By seeing needed driving changes early. look to the left and right before you start moving. the less often someone behind you has to react quickly to your vehicle. By looking well ahead. The less you have to stop or turn quickly. Making driving changes before the last moment gives drivers behind you more time to react. and shopping center or parking lot entrances. Look to the sides – As other vehicles. pedestrians. This is especially true at intersections and railroad crossings. or bicyclists may cross or enter your path anytime. They include: cross streets. the less likely you are to run into someone or have someone run into you. Traffic would flow more smoothly if everyone looked well ahead. pedestrians. or bicyclists. Look across the intersection before you start to move to make sure the path is clear all the way through the intersection and you will not block it if you have to stop. turn on your left turn signal at least 100 feet ahead and look for a safe gap in the traffic. driveways. You can avoid the need to stop or turn quickly. The earlier you act. If stopped. side streets. Drivers who look ahead can slow down gradually or change lanes and avoid unnecessary braking that leads to lower miles-per-gallon. or bicyclists are in your path. Every time you have to stop quickly.You can be a safer driver by looking well ahead. Before you turn left across oncoming traffic. look to the left and right for vehicles. you can save on fuel. 53 . Before you enter an intersection. Intersections – Intersections are any place where traffic merges or crosses. pedestrians. look to the sides to make sure no one is coming. Check the street you are turning into to make sure that no vehicles. you can drive more safely and help drivers behind you drive more safely too. it takes time and fuel to get your vehicle back up to speed. Look one more time in the direction of oncoming traffic before you turn.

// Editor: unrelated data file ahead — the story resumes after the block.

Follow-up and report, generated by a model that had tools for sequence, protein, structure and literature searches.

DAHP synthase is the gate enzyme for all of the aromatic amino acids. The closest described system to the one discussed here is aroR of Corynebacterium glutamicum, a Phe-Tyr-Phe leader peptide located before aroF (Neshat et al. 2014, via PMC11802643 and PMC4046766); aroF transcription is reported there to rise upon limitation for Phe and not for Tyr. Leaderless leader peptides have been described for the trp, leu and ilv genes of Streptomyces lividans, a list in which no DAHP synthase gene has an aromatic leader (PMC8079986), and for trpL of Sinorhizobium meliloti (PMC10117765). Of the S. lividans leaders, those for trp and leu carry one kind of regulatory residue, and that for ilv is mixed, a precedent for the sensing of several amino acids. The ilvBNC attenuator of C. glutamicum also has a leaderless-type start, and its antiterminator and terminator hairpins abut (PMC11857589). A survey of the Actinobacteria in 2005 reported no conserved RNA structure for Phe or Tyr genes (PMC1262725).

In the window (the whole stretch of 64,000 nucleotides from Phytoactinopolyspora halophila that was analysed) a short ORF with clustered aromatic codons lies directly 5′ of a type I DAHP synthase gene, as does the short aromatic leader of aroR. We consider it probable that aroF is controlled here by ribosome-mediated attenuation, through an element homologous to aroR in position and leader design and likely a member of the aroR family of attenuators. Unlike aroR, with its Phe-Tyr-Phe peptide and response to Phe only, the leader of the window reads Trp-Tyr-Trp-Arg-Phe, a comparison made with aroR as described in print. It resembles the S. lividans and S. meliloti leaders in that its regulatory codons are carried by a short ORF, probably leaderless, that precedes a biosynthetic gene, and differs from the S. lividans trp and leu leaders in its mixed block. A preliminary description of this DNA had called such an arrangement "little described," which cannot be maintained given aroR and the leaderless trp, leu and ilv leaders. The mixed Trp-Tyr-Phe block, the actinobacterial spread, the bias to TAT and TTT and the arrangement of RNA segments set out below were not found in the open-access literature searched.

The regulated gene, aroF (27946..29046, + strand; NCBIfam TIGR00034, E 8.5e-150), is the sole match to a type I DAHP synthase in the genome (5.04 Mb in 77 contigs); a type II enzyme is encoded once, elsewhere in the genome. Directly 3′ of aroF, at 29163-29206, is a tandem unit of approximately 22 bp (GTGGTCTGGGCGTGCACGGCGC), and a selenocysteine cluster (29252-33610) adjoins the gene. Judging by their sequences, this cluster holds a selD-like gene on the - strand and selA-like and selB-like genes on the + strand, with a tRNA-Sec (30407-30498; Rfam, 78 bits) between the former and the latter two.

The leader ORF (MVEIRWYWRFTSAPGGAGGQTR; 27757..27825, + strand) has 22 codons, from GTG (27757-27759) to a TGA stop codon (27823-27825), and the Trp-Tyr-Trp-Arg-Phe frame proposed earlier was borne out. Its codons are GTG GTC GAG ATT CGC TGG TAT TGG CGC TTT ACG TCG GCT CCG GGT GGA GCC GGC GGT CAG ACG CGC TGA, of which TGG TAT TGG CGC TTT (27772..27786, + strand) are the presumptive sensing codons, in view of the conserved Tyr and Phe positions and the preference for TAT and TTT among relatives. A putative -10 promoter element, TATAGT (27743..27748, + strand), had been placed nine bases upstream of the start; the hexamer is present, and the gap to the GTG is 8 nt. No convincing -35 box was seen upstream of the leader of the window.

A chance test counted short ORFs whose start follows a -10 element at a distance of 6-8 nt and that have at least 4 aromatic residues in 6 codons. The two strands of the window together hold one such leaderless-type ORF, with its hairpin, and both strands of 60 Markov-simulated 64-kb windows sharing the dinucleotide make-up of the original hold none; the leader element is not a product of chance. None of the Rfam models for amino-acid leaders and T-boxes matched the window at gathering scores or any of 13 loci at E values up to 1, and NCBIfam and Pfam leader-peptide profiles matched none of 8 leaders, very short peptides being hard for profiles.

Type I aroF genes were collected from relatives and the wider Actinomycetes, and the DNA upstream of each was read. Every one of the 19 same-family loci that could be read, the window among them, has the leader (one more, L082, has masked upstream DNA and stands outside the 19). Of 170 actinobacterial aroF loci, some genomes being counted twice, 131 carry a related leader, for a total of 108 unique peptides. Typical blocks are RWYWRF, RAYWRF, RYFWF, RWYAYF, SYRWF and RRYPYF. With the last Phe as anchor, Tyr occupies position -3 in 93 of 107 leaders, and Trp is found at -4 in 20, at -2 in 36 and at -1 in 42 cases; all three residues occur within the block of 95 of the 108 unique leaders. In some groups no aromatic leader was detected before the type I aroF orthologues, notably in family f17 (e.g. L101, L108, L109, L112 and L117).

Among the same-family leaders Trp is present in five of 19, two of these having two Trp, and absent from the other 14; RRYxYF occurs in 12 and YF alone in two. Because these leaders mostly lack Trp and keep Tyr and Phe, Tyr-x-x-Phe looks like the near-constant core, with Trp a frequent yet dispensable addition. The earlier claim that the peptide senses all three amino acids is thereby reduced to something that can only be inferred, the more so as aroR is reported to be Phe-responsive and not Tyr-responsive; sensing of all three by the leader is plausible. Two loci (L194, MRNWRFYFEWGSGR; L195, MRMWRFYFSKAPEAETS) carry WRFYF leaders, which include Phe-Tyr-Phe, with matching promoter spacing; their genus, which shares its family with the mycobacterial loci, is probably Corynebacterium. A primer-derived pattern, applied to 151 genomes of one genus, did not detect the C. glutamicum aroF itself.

After stopping. and school yards. 54 . Do not rely on traffic signals or signs to tell you that no one will be crossing in front of you. it is very important to look to the sides when you are near shopping centers. Some drivers do not obey traffic signals or signs. This is when people on the cross street are most likely to hurry through the intersection before the light changes to red. you may turn right on red unless prohibited. there is a good chance that someone will cross or enter the road. playgrounds. Therefore. This is especially important just after the light has turned green. Whenever there is a lot of activity along the side of the road. crossing drivers can see the front of your vehicle before you can see them. turn on your right turn signal at least 100 feet ahead and make sure that there is no traffic approaching from your left and no oncoming traffic turning left into your path. You may also turn left from a one-way or twoway street into a one-way street unless prohibited. If you were stopped and your view of a cross street is blocked. construction areas. Others who may not stop are individuals who may be driving under the influence or other reckless drivers. edge forward slowly until you can see. parking lots. Do not begin your turn without checking for pedestrians crossing where you will be turning. This gives them a chance to slow down and warn you if needed. By moving forward slowly.Before turning right. busy sidewalks. At an intersection look left and right even if other traffic has a red light or a stop sign. Make sure you can clearly see crossing traffic before entering an intersection.